The majority of those who are calling for a Yes vote on the proposed limited constitutional amendments are Islamists.
The leading figures of the Muslim Brotherhood, Al-Gamaat Al-Islamiya, along with jihadists and Salafists are offering their loud support for the amendments drafted recently by a committee appointed by the Supreme Council of the Armed Forces and that are to be voted on in a referendum Saturday.
On the other side stand the country's most prominent national figures, including intellectuals like Ahmed Kamal Abul-Maged and potential presidential runners Amr Moussa and Mohamed ElBaradei.
Facebook — now the nation's best political monitor — is full of comments expressing concern over the fact that it is predominantly Islamists who wish to vote in the amendments.
"This is not about Islamists versus non-Islamists," argued Essam El-Eryan, a leading figure of the Muslim Brotherhood. Speaking to Ahram Online, El-Eryan insisted that the call for a 'Yes' vote on the proposed amendments is "a national and not an Islamist call".
It is a big mistake, argued El-Eryan, for anyone to try to label the proposed amendments as Islamist. "This not the right moment to get into this political catagorisation and polarisation; this is a moment for the nation to get out of this phase of [confused legitimacy and] onto the road of building a new legitimacy," he said.
According to El-Eryan, those who are concerned that the Islamists, including the Muslim Brotherhood, are working to get the proposed amendments adopted to serve an ulterior motive of establishing a predominantly Islamist parliament "are too indulged in ill-timed political calculations".
Time will tell, El-Eryan added, that the best interest of the nation "and not that of the Islamists" is to move beyond the current state of political confusion into the period of building a new regime.
"I am not an Islamist and I would vote yes — even though that I know that Islamists are lobbying hard to pass these amendments," said Karim, a civil servant in his early 50s.
Speaking from a Dokki café, Karim argued that "the right thing to do now is to get into establishing clear legitimacy that would include the drafting of a new constitution at a later but not remote date."
According to Karim, those who have substantive reservations over the current amendments need to realise that they would likely also have reservations over a possible new constitution.
"For example, I have an issue with Article 2 of the constitution that stipulates that Sharia (Islamic law) is the main source of legislation because I think we should be building a civic state. But I know that the next constitution will keep this article. There will never be a text that would please everyone," he said.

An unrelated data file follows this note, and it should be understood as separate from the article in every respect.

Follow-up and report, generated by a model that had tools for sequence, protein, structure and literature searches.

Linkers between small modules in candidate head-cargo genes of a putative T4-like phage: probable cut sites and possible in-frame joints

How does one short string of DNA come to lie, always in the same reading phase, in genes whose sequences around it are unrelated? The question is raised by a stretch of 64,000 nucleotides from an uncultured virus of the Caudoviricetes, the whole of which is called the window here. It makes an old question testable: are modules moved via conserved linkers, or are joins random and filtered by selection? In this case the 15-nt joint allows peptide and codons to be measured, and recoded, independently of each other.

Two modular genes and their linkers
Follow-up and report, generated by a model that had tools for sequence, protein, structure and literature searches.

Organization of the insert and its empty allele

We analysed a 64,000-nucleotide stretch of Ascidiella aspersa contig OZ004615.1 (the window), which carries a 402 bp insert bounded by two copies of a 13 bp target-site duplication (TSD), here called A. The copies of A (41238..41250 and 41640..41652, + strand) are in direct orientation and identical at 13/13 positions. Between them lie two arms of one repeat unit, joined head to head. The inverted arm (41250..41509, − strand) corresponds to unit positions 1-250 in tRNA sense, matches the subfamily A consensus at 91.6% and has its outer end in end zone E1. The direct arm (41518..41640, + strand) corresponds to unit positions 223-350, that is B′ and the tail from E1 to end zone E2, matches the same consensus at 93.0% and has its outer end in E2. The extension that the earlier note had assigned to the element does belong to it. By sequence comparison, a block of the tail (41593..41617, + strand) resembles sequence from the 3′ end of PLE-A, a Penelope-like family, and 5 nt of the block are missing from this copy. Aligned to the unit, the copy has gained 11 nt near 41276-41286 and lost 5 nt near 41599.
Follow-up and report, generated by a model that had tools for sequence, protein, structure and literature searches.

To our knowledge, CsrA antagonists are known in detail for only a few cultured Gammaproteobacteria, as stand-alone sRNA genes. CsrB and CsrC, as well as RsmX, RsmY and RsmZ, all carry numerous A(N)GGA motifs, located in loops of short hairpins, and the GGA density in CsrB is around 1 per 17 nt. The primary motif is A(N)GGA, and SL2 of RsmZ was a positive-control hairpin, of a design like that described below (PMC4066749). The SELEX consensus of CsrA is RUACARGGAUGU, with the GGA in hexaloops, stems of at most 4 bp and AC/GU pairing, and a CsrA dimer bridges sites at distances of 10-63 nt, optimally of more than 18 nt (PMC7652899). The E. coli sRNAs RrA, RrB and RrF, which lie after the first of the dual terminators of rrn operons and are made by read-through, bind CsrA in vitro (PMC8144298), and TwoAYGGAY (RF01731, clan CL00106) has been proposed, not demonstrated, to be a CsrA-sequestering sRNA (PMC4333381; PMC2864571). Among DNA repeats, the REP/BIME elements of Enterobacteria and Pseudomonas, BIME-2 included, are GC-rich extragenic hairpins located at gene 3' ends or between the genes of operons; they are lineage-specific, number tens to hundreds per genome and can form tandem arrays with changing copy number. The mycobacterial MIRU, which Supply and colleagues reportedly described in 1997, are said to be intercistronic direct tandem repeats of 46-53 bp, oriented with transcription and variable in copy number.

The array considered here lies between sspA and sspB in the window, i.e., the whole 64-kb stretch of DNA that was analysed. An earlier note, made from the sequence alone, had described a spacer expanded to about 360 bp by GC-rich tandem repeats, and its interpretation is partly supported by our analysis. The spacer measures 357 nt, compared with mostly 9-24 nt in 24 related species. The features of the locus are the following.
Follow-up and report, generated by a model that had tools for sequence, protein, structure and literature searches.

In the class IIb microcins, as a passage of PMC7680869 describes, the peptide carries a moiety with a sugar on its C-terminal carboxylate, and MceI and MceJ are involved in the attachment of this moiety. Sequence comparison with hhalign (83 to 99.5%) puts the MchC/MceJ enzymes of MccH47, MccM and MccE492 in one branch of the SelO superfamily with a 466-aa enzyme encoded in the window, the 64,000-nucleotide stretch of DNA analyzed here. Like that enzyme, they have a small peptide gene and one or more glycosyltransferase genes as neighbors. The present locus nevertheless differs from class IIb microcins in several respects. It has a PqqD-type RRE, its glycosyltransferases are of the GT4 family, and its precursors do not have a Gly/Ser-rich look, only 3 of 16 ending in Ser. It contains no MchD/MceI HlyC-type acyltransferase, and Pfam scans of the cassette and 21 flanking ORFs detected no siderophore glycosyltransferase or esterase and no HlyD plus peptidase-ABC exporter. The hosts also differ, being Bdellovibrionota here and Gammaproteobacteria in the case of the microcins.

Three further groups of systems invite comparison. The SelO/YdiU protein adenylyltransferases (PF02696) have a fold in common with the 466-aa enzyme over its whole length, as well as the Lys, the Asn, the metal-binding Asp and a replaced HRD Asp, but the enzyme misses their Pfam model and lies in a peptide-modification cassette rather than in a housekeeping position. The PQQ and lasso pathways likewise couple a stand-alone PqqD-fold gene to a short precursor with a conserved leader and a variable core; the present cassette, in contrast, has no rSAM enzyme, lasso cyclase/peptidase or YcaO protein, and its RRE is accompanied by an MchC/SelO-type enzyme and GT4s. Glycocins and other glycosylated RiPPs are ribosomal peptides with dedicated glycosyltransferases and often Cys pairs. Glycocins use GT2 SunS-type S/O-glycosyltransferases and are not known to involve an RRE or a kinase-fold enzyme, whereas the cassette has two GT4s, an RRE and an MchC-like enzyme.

"I will vote Yes; we need to move on," he insisted.
According to liberal political scientist Wahid Abdel-Meguid, those who wish to contain the possible mushrooming influence of the traditionally well-organised Islamists need to vote for the current amendments. "I think that if they have more time, the Islamists, in all their shades, might get more organised and could actually secure more seats in any future parliamentary elections."
The moment now is for "those who made the 25 January Revolution; it is their moment of strength — not that of the Islamists whose map and formulations are undergoing some changes with the release of some radical figures," said Abdel-Meguid.
Equally, Abdel-Meguid said he is not particularly worried that the forces of the erstwhile long ruling National Democratic Party (NDP) would be able to assemble enough influence to secure a considerable number of seats in the next parliament. The mode of operation of the NDP and its associates, he added, needs time for the lengthy process of buying votes. "If they don’t have ample time, they cannot do it," he suggested.
Abdel-Meguid is convinced that "those who managed to assemble the hundreds of thousands and the millions in Tahrir Square" on 25 January and during the 18 days that followed, and those who managed to stand up to the previous regime, are capable "now" of standing up to Islamists and NDP-related interest groups.
Moreover, Abdel-Meguid argued, "at this moment there are some obvious political frictions within society" that would make it very difficult to reach a consensus on a draft for a new constitution within the next few weeks.
To wait now, according to Abdel-Meguid, is to wait too long in an already questionable transitional phase. The fear of an Islamist takeover should not be exaggerated, even though, he insists, it should not be underestimated.